This evening is the beginning of the Jewish New Year, otherwise known as Rosh Hashanah. Growing up, the holidays in my house were festive and important. We took time off from school and work, we gathered together in large groups of family and friends over multiple course meals, and we also got dressed up.
My LA-native husband used to ask me why my family holiday dinners were so formal. He chalked it up to being from the east coast (can we really call Toronto the east coast?!). I explained to him what my mother had taught me about life in general, not just the holidays: we dress up to mark an occasion as special, to help us separate the extra-ordinary for the ordinary, so everything doesn’t blend together. This concept seems especially relevant now.
As I reflect on the last 7 months I find myself with a distorted sense of time, it’s as if all my experiences have blended into a single overarching one.
The importance of breaking-up time, and creating distinct moments, is not just a helpful thing in our personal lives, but as a manager, I can see how helpful it can also be in our professional lives. Every Monday, my company reports on their “wins and woes” of the previous week, and every Tuesday, we have an all-hands meeting where we discuss progress against goals. Upon reading everyone’s updates this week, one thing was abundantly clear: my team was in a mid-month slump. They sounded uninspired and tired.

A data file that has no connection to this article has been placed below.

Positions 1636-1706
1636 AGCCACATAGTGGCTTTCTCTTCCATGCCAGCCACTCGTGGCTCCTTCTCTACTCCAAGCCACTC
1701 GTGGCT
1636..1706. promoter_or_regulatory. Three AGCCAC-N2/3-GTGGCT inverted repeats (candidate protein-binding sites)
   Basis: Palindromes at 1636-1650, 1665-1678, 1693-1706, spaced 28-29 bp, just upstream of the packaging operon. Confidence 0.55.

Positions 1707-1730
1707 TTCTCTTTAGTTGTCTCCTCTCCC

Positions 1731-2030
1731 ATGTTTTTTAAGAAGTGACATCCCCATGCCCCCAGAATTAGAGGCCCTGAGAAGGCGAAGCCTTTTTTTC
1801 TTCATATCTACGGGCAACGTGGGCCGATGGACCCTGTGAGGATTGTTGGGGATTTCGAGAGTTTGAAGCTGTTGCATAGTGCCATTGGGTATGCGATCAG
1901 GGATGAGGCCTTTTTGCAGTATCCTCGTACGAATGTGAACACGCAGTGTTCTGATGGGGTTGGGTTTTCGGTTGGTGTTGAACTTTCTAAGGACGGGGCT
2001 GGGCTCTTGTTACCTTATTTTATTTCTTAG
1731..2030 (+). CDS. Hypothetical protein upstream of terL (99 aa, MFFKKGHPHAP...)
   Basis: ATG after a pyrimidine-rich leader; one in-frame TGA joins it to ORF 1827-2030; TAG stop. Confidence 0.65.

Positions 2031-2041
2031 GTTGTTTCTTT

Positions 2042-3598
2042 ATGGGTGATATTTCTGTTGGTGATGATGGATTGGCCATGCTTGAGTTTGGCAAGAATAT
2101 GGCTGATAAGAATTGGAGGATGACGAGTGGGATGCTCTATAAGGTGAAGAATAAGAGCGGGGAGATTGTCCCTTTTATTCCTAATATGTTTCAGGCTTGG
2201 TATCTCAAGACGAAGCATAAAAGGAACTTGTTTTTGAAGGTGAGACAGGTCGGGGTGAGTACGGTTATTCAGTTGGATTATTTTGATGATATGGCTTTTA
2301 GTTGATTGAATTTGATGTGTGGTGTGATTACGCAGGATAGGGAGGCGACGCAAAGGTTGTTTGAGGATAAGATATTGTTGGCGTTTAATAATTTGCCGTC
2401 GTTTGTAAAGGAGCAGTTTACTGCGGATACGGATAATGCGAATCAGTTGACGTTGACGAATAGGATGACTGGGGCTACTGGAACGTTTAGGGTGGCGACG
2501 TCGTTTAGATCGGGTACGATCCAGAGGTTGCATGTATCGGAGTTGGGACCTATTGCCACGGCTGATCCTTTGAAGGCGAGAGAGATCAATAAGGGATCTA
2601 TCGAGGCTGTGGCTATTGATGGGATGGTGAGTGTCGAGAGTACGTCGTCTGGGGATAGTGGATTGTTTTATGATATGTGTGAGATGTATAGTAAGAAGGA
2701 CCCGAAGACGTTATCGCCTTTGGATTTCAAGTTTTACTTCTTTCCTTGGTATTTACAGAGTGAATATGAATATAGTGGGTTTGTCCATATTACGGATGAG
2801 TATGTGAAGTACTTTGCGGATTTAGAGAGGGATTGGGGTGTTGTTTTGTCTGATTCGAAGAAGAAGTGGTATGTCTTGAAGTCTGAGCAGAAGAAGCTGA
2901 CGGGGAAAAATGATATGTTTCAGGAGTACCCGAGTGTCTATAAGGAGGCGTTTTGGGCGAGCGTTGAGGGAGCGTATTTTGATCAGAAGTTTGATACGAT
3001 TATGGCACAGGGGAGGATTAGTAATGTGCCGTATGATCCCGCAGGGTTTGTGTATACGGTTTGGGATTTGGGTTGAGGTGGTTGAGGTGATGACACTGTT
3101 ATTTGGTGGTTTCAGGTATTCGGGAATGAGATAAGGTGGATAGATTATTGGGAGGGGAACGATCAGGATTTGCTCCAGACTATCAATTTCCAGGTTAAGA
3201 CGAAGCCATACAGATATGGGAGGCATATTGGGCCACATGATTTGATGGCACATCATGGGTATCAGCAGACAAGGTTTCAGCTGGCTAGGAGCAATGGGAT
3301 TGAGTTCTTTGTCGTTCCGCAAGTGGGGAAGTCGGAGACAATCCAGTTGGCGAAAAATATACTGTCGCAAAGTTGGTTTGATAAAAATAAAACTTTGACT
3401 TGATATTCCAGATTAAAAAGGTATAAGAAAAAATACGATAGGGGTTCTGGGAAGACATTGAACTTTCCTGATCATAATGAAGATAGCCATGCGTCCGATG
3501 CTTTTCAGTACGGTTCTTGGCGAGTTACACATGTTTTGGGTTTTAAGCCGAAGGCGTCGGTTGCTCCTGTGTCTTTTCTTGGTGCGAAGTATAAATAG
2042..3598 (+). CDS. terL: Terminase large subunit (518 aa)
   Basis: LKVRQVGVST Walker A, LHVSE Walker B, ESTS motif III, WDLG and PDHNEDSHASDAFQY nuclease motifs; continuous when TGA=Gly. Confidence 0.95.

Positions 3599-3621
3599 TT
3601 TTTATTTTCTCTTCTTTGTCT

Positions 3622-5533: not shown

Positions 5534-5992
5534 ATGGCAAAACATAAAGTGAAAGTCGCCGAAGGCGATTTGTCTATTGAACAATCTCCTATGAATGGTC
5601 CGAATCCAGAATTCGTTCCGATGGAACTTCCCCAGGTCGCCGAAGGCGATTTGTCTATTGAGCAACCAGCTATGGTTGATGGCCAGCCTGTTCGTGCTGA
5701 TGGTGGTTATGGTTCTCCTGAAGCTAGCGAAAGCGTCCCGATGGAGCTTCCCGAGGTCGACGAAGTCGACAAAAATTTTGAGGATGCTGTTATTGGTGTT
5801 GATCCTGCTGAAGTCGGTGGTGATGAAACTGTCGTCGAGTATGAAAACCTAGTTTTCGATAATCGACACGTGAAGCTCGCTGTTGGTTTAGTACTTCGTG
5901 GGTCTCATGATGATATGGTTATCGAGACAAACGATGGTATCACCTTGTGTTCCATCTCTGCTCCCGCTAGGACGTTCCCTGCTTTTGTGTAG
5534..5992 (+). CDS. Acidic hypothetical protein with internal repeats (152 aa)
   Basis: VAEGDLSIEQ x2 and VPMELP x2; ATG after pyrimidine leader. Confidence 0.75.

When we met the next morning, I scrapped our standard agenda. I told the team that I heard their struggles and that I didn’t know how to solve them, but I knew that reviewing company metrics per normal wasn’t going to help. We ended up just talking, sharing frustrations, and brainstorming solutions. Even though nothing remarkable happened, I could tell that everyone left the meeting with newfound energy and resolve.
Changing up our routine was like dressing up for my team. We were able to create and define a moment together, and that made all the difference.
And so, it got me thinking, even if this year I will be attending Rosh Hashanah services remotely and my large celebratory dinner will just be me and my husband, it might be even more important than normal to dress up. These days, we can all benefit from embracing opportunities for celebration; and, even more importantly, we need to mark specific moments so when we look back at 2020 we will have distinct memories from what has been, and will continue to be, a very memorable year.
Wishing everyone a sweet and happy new year filled with health and happiness!